TALLAHASSEE — With the session set to end Friday, there seems to be little chance of enacting major new regulations on polluters.

A proliferation of toxic algae blooms — including several in Northwest Florida — known as red tide dealt a major blow to Florida’s environment and economy last year, and there already are signs that the blooms are returning as the weather heats up.

But despite big promises from candidates during the 2018 election and lawmakers leading up to Florida’s 60-day legislative session, environmental advocates are underwhelmed by the water quality proposals that appear to have a chance of passing this year.

Bills aimed at forcing homeowners, businesses and local governments to limit nutrient pollution have stalled or been watered down to the point that critics argue they will have little impact.

Instead, lawmakers are dedicating hundreds of millions to environmental clean-up efforts, which have broad support but do nothing to crack down on polluters.

The reluctance of legislative leaders to put new restrictions on pollution is not surprising in a GOP-controlled Legislature that is resistant to regulation. But it is still disappointing for many lawmakers and environmental advocates, who believed this year could be different.

Florida suffered through a tsunami of algae problems last year, from red tide on the west coast to blue-green blooms spreading from Lake Okeechobee to the Caloosahatchee and St. Lucie rivers and a brown tide bloom in the Indian River Lagoon. Many freshwater springs continue to be choked by algae and other major waterbodies, such as the St. Johns River, have endured persistent blooms.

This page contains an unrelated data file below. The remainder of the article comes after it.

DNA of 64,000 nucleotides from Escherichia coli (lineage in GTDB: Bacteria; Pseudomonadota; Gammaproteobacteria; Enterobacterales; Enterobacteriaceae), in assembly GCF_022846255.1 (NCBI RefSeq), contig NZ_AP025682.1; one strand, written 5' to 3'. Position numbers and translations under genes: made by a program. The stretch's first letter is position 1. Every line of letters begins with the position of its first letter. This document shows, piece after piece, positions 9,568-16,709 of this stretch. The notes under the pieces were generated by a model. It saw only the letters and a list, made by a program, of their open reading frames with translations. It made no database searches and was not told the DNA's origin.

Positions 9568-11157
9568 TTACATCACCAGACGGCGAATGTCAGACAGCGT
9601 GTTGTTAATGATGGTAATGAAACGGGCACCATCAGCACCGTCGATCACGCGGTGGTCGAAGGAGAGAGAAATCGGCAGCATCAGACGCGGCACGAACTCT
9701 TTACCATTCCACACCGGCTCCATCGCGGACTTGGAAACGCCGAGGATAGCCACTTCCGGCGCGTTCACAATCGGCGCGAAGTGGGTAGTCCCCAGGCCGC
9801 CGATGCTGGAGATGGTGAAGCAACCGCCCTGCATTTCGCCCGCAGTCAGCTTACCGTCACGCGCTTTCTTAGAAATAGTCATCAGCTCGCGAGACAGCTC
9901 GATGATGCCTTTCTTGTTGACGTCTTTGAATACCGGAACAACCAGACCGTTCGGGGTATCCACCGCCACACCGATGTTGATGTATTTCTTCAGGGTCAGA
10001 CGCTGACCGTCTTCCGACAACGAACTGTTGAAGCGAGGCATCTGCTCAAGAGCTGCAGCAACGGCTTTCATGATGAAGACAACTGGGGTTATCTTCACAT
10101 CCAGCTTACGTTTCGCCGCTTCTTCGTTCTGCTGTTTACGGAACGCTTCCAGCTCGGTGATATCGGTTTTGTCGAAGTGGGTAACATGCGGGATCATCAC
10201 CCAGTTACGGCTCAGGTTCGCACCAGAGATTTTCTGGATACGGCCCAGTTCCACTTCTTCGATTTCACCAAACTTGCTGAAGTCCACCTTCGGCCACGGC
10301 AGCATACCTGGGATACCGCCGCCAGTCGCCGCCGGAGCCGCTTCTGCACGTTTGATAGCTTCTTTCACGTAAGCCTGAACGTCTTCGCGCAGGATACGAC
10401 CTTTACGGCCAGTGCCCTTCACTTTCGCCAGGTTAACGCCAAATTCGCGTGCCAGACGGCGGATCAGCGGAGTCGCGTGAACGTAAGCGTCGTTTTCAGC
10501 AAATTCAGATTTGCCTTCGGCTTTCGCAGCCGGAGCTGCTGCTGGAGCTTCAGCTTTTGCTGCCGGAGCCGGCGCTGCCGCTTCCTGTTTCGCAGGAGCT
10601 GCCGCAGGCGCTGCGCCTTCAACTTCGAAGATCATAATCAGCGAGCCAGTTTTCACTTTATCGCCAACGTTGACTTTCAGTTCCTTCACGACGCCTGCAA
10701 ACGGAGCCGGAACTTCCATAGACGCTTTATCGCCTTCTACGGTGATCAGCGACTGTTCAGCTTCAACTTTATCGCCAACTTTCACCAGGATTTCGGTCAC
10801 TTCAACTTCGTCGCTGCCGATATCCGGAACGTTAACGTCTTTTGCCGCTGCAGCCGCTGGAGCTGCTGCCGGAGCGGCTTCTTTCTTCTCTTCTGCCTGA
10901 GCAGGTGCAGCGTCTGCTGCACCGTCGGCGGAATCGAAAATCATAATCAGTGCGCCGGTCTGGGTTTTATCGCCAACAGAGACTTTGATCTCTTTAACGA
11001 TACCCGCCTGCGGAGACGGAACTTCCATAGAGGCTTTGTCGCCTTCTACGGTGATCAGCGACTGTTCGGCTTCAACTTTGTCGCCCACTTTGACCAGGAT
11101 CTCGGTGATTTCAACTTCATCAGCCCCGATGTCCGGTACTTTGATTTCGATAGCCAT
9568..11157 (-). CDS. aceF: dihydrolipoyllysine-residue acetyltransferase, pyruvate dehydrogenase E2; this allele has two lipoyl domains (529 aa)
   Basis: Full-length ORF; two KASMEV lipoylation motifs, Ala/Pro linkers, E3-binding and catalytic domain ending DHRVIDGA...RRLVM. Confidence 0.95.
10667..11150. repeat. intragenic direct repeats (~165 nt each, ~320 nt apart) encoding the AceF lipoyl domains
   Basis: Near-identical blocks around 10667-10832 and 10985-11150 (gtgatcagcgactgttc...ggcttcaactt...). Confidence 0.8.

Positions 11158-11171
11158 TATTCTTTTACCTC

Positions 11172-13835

April brought more reports of algae blooms in both the Caloosahatchee and St. Johns, leading to concerns about another summer of slime.

The recent red tide bloom — which is naturally-occurring but can be exacerbated by excessive nutrients from sources such as leaky septic tanks and lawn fertilizer in stormwater runoff — stretched over 15 months and was one of the five worst in recorded history. The massive fish kills and foul-smelling water delivered a huge economic hit, with Sarasota County experiencing a big drop in hotel occupancy in the fourth quarter of last year.

Southwest Florida lawmakers vowed to act. State Rep. Will Robinson, R-Bradenton, and state Sen. Joe Gruters, R-Sarasota, filed a bill requiring mandatory inspections to ensure septic tanks aren’t failing and leaching nutrient-rich human waste into waterways.

The bill never advanced in the Senate and cleared just one committee in the House after rural lawmakers raised concerns about the cost of inspections.

“We’ll try again next session and keep advancing common-sense policy,” Robinson said. “I’ve always thought you need not only an appropriations component to improve water quality but a regulatory component. Tougher regulations on folks who pollute our water quality is a priority of mine and I’ll continue fighting for that.”